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Luís

Just another life lover.

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Kashan is a city very close to Esfahan. Many travelers bypass Kashan on their journeys through the country, and even though I had the time to visit it, I can totally understand why. Kashan is nice, but nothing spectacular like the more touristy Esfahan / Yazd / Shiraz.

I must say that the weather when I was there was not the best, but the city still didn’t have the impact like others had in me. Sure, there are beautiful and unique houses, and they’re the main reason to visit Kashan, but that’s about it.

Welcome to Kashan, I guess?

Kashan is small enough to walk to most of the main sites. When the bus left us in Kashan, it was pretty straightforward to get to our accomodation, Hostel Green House, a cozy and nothing fancy hostel. It did the job, but that’s about it.

On my first day in Kashan, I went to explore the famous historical houses and finished the day with a sunset tour that my hostel proposed. This tour was actually very enjoyable, we visited the local Jameh Mosque, a historical house where women were working with clay and finally to watch a typical Iranian dance being rehearsed at night.

The Jameh Mosque of Kashan.
One of the many historical houses.
Rehearsing an Iranian dance.

When it comes to the famous historical houses of Kashan, honestly, I didn’t find them particularly amazing like the fame they have. Sure, they’ve some charm, but if you’re coming to Kashan expecting to see something out of the ordinary, I think you’ll be let down.

They’re also not free, and certainly not cheap for tourists. At the end of the day you’ll have spent as much if not more what you pay to visit the stunning mosques of Esfahan, which I don’t think that anyone can compare the value between them.

Historical house.
Tabatabaei House.
Inside Tabatabaei House.
A traditional baths house.
AqaBozorg house.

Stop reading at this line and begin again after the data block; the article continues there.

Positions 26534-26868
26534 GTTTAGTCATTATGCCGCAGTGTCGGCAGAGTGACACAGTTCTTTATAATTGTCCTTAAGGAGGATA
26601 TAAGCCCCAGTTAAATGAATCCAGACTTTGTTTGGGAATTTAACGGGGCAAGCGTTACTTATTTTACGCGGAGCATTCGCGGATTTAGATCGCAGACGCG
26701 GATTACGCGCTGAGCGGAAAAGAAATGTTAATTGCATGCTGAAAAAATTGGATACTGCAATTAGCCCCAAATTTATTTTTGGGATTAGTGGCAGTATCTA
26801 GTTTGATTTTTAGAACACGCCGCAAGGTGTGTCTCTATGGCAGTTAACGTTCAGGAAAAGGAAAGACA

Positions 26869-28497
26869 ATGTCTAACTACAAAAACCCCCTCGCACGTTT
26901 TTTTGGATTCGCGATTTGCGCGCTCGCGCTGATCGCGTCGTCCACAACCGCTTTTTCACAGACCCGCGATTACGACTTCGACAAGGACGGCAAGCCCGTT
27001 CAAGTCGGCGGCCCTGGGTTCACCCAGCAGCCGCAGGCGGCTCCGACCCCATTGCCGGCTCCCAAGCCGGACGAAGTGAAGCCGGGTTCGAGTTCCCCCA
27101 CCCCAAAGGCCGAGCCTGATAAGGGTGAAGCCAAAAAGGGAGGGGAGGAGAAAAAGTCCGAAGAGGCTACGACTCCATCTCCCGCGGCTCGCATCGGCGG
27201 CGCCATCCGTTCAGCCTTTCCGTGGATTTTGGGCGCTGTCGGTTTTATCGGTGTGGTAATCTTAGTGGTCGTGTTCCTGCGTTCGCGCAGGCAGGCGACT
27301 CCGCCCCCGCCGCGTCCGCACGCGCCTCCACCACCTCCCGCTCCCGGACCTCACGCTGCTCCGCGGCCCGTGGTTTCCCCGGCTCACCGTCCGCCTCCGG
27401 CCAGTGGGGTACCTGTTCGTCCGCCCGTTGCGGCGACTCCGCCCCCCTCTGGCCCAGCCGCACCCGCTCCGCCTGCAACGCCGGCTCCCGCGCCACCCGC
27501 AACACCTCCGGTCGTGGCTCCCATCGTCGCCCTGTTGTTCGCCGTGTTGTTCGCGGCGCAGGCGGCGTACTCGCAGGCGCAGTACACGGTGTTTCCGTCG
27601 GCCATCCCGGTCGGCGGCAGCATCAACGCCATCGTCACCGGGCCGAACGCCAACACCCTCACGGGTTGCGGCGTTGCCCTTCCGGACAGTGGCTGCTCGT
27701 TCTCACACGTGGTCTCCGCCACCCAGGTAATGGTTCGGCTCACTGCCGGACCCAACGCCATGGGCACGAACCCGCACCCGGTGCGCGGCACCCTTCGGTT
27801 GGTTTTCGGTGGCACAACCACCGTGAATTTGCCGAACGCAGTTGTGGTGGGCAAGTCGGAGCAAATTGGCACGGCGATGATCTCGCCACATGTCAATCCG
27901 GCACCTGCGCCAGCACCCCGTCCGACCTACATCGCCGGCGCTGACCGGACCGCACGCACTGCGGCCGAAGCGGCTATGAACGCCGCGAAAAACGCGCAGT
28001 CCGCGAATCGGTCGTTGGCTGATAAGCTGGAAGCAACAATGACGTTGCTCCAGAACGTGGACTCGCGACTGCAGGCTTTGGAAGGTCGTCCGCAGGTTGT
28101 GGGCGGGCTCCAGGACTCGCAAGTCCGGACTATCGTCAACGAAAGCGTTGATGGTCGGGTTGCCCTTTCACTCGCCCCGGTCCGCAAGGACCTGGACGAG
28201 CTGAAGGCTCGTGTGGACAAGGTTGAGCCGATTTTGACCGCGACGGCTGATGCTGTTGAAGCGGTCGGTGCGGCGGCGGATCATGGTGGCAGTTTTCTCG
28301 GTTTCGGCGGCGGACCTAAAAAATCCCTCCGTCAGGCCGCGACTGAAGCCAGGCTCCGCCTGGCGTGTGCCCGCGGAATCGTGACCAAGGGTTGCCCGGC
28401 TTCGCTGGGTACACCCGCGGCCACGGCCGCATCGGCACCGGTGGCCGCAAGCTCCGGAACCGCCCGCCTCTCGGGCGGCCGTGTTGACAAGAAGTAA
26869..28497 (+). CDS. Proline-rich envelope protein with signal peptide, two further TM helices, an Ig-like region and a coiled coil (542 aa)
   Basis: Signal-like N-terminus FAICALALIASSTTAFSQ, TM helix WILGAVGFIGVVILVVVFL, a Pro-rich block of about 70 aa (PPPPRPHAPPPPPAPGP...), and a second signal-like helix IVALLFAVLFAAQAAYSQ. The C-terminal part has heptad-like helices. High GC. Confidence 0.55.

One last thing to do before heading out of the city, is to visit Abyaneh village, 80km away from Kashan. The village is well known for its distinctive red hues and benched construction of traditional mud brick houses. The culture of Abyaneh has been largely preserved, with the few hundred residents speaking Middle Persian and dressing in traditional clothing.

There are no local buses that run to Abyaneh though, you’ll have to hire a car like I did. Every hostel should help you with this along with getting other travelers to split the costs of the journey.

Arriving at Abyaneh village.
Ash soup!
The village is very well preserved.

Kashan will definitely not be in my top 5 destinations or experiences in Iran. Since I had the time I didn’t mind at all to stop there on my way up to the north, but if I had to detour just to stop there on purpose, I would be disappointed.

Kashan will not be on my found memories of best experiences in Iran.

My next destination would be the incredible Alamut Valley in the mountains north of Tehran. To get to Tehran, it’s really easy with an hourly bus that departs from the Kashan’s bus station. From Tehran, there are also hourly buses to Qazvin, where we got a pick up to our guest house in the mountains.


How to get there and away

  • Local bus from Esfahan to Kashan, should take ~2.5 hours and departs from the North bus station. I took a Snapp to get there.
  • Local bus from the Kashan's bus station to Tehran, and from there to Qazvin. From here we took a pick up to our guest house.


What to do/see

  • Abyaneh Village.
  • Historical houses.


Where to sleep

  • Seven Hostel, ~15€ for a double bed with private bathroom and breakfast included.